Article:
The phrase “building blocks of life” is pregnant with misinformation.

(NASA/JPL-Caltech/UCLA)

Starry eyed:  Many organic molecules have been found in space by their spectra.  New ones are added to the collection from time to time.  The latest is glycolaldehyde, a simple sugar, found by astronomers using the Atacama Large Millimeter Array in Chile around a young star.  No planets were found, because according to theory, they come later in the star’s evolution.  A press release from the University of Copenhagen, “Sweet building blocks of life found around young star,” sent reporters into lockstep confirmation mode.  Science Daily reposted the press release verbatim even though it was primarily promoting the university’s homeboy, Jes Jørgensen, and didn’t explain whether the simple carbohydrate, containing only common carbon, hydrogen and oxygen, would survive any planet’s fiery formation without turning into tar. PhysOrg dropped the “sweet” word, but reprinted the press release uncritically.   Live Sciencecalled this a “space sugar” and stated the phrase “building blocks of life” twice.  At National Geographic, Ker Than was ecstatic about the “sweet discovery,” asking in big, bold print, “Sugar Found In Space: A Sign of Life?”  The presence of this molecule floating in gas was enough to suggest “the possibility of life on other planets.”  Later in the article he did admit, “Glycoaldehyde can be found on Earth, usually in the form of an odorless white powder” that is really not used to sweeten foods.  It’s significance derives from some scientists who “think it plays a key role in the chemical reaction that forms ribonucleic acid (RNA), a crucial biomolecule present in all living cells.”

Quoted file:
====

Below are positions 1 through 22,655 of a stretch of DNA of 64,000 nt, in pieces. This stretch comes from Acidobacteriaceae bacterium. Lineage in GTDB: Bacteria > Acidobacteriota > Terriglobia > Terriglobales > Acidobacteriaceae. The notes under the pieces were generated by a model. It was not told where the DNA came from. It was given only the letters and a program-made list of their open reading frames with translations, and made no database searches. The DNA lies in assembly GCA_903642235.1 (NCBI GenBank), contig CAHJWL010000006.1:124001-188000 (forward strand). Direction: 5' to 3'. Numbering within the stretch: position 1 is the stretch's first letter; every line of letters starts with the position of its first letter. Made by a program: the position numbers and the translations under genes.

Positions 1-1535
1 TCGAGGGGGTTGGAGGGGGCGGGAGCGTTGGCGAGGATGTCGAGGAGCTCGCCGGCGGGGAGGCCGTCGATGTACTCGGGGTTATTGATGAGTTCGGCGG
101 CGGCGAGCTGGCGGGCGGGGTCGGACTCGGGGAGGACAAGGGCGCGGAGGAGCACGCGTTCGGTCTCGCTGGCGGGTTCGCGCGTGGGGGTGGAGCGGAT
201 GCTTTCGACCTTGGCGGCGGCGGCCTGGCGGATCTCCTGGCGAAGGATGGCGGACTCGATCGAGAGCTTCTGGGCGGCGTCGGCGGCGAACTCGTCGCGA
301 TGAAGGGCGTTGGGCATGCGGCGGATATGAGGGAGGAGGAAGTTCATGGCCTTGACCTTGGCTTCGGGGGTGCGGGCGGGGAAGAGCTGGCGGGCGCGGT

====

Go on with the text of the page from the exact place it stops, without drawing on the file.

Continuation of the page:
Phosphorus for us:  NASA Astrobiology Magazine turned its excitement to phosphorus, a molecule not common on earth but essential to life.  In “Life’s First Taste of Phosphorus,” (an odd title considering the highly-toxic element became essential in compounds long before taste buds evolved in the evolutionary scenario), reporter Michael Scherber provided this summary:  “Phosphorus is vital to life on Earth, even though our planet doesn’t provide life very much phosphorus to work with. Scientists are now studying how phosphorus biochemistry may have originated at the dawn of life.”  Phosphorus ranks 17th in abundance on earth, and is generally locked up in inaccessible minerals, the article explained; available forms tend to be deep in earth’s core.  But phosphorus is a vital part of DNA, RNA, and ATP (adenosine triphosphate), and “shows up in a surprisingly wide range of biological molecules.”  So where did life get it?  The article’s best answer: meteorites.  Georgia Tech’s Nicholas Hud became chief storyteller for the scenario of what happened after meteorites provided a veneer of the essential element:…

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